Whilst there are significant differences between the UK personal statement and the US university admissions essay (and our specialists will point these out to you), there are some things you can begin thinking about years before writing time rears its ugly head:
1 – Try to really excel at (at least) one thing.
There is a common misconception that the kind of applicant universities prize above all things is a Jack of all trades. This is not true. Whilst being a Jack of all trades is not necessarily a bad thing, it is often better to focus on one thing and excel at it. The top universities are looking for great diversity within their classes, but not necessarily within each student. It is often better to offer something distinctive (anything – photography, piano, painting) and to have excelled at it through years of dedication, than to have tried a number of things without ever committing fully.
2 – Lead.
Whilst there can only be one captain of the football team or one principal violinist in the orchestra, everyone can lead at something. Whether it’s setting up a debating club, or teaching the Duke of Edinburgh Award to younger students, there are plenty of opportunities – more than you think – already in front of you to adopt some kind of leadership role. Leadership is one of the most attractive things to flaunt on an university admissions essay as it presents you as someone who will make a proactive and positive contribution to the university and your academic department.
3 – Be altruistic.
It’s never too early to start acting charitably and a side-benefit of helping those less fortunate than yourself whilst at school is that it shows universities that they are dealing with someone who goes out of their way to help others. Get involved with a charity or volunteer scheme, raise awareness about a specific cause, organize a cake-bake or lead (that word again) a sponsored walk. All of these things reflect very well on you as a person – don’t keep your kindness bottled up inside, share it with the world and let the universities know about it too. They’re looking to accept students who will look after those around them to enhance the university environment, and who will use the benefits of an excellent degree to help the wider world after graduation.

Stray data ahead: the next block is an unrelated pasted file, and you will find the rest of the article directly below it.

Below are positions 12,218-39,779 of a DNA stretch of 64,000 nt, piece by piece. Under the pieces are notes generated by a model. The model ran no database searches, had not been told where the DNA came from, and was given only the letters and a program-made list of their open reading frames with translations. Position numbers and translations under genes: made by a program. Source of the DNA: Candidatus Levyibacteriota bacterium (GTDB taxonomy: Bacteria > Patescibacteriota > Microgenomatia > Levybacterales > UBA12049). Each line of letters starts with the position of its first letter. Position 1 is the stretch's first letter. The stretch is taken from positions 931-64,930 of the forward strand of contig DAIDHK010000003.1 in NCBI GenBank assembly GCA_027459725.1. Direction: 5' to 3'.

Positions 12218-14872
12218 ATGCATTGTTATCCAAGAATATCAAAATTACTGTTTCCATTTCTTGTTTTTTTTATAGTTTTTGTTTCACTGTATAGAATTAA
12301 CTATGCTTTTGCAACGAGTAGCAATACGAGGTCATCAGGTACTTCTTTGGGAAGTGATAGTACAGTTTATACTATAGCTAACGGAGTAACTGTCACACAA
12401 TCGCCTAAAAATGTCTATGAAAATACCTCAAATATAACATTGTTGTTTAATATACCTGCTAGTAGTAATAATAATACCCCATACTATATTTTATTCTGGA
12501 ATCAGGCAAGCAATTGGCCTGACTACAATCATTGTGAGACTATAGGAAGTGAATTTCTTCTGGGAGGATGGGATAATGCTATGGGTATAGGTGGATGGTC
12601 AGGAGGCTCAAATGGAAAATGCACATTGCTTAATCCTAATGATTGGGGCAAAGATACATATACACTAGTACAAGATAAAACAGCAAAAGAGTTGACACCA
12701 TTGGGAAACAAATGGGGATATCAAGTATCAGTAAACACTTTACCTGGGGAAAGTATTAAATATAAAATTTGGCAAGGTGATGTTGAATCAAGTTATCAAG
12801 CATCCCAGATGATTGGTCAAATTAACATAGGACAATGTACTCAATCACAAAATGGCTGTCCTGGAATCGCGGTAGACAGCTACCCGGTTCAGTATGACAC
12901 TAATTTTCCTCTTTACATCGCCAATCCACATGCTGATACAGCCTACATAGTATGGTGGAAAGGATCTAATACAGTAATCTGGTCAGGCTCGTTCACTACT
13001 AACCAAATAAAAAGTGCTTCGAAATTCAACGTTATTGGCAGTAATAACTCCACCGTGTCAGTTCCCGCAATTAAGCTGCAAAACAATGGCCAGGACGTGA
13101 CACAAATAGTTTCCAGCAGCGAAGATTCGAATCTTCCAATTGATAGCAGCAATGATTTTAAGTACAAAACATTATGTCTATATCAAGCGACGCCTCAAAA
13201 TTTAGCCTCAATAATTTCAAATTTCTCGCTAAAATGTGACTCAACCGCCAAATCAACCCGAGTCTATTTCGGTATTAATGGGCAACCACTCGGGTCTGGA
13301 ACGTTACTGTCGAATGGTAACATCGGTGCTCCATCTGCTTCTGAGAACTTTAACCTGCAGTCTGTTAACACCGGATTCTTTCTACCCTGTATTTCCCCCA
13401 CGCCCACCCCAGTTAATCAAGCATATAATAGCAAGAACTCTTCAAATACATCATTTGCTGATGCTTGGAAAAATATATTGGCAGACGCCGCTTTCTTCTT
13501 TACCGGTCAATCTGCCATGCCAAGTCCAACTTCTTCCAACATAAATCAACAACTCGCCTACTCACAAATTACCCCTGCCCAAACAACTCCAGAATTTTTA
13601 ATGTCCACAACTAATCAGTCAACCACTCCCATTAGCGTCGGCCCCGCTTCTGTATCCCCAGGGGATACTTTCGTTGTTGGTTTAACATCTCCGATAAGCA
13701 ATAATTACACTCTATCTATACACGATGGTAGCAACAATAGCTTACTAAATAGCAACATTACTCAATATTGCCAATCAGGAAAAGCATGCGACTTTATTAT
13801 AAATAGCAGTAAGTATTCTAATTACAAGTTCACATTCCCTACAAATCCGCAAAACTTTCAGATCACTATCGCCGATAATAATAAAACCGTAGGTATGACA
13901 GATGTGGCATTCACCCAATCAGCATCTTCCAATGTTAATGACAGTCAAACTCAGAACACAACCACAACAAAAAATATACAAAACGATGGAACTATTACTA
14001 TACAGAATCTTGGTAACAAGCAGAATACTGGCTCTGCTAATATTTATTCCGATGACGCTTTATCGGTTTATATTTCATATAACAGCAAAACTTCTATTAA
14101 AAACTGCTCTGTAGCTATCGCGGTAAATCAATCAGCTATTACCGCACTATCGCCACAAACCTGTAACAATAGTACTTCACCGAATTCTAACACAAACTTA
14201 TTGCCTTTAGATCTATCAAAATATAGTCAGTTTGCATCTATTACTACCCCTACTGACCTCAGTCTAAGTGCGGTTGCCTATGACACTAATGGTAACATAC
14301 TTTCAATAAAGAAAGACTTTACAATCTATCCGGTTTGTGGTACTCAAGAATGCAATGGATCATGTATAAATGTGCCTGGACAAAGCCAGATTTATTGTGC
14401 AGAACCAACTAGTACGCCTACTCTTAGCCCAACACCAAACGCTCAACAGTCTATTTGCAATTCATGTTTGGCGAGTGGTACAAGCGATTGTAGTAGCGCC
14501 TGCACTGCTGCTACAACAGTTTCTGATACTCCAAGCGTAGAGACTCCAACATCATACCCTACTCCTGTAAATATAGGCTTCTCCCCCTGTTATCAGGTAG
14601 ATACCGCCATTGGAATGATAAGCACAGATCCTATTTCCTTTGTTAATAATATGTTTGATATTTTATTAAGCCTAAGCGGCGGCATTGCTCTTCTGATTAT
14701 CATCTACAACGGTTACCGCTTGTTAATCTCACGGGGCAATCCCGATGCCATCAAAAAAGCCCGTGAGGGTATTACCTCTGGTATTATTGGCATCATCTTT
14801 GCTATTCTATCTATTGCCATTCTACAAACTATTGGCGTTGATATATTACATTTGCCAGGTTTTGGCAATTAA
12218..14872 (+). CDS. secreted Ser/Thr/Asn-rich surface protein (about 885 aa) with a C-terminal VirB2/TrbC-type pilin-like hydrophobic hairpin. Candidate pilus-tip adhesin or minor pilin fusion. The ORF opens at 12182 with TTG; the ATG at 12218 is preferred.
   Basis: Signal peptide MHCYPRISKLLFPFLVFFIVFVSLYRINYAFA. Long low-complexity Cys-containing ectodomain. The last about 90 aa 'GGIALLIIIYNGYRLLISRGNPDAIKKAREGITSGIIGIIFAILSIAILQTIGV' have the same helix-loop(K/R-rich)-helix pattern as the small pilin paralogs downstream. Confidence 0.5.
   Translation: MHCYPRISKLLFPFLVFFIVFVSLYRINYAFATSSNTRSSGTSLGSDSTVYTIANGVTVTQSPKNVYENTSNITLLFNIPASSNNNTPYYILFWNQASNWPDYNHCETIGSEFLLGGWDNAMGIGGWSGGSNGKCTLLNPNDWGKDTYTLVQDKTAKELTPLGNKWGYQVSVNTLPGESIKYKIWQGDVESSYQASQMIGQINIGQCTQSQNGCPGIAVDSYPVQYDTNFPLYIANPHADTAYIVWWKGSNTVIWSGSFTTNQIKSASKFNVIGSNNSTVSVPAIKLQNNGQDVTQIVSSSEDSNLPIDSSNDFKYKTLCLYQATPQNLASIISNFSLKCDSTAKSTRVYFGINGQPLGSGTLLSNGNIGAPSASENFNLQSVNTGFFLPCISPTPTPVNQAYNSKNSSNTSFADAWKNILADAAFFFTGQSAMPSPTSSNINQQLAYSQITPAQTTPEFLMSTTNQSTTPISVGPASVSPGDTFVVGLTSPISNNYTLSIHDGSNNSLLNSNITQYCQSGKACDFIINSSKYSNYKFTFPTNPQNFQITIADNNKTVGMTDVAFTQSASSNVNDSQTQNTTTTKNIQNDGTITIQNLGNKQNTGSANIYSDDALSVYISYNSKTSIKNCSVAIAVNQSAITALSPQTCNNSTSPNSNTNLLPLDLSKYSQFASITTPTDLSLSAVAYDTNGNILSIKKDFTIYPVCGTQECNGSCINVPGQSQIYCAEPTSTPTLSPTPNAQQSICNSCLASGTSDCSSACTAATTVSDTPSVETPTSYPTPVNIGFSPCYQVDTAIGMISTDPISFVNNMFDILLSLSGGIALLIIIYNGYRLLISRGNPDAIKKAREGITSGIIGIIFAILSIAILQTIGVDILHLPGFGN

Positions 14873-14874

4 – Be altruistic and lead at the same time.
Combine the above two points, as many times as possible, to add potency to your profile.
5 – Go beyond your syllabus.
Everyone knows, at least vaguely, the details of their course. Not everyone takes what’s on their course and reads around the subject, or explores topics that no teacher has broached. Ski some fresh tracks down an area of interest, and mention it in your university admissions essay. Be creative and enjoy yourself. One of Riviera Tutors’ main principles (and it’s not a complicated one) is that if you enjoy your work you’re likely to do better at it. Don’t read around a subject simply because you think universities will respect it; read something that interests you and see where it leads with an open mind. Then tell universities about the journey. It’s a more enjoyable process, and more interesting to read about.
6 – Be authentic.
The web is full of ‘guides to getting into university’, such as this. Take the main points, but never let them override who you are or distract from your story. There is no substitute for authenticity, and no story more interesting than your own if it’s told properly by you. Part of a successful university admissions essay is not to replicate ‘the perfect application’, but to present yourself and your achievements in the best possible light. We often take for granted things that are central to our characters and our achievements. Sit down with those around you and go through your ‘profile’, although it’s much better for everyone if you think of it like a ‘story’, because that’s what it is.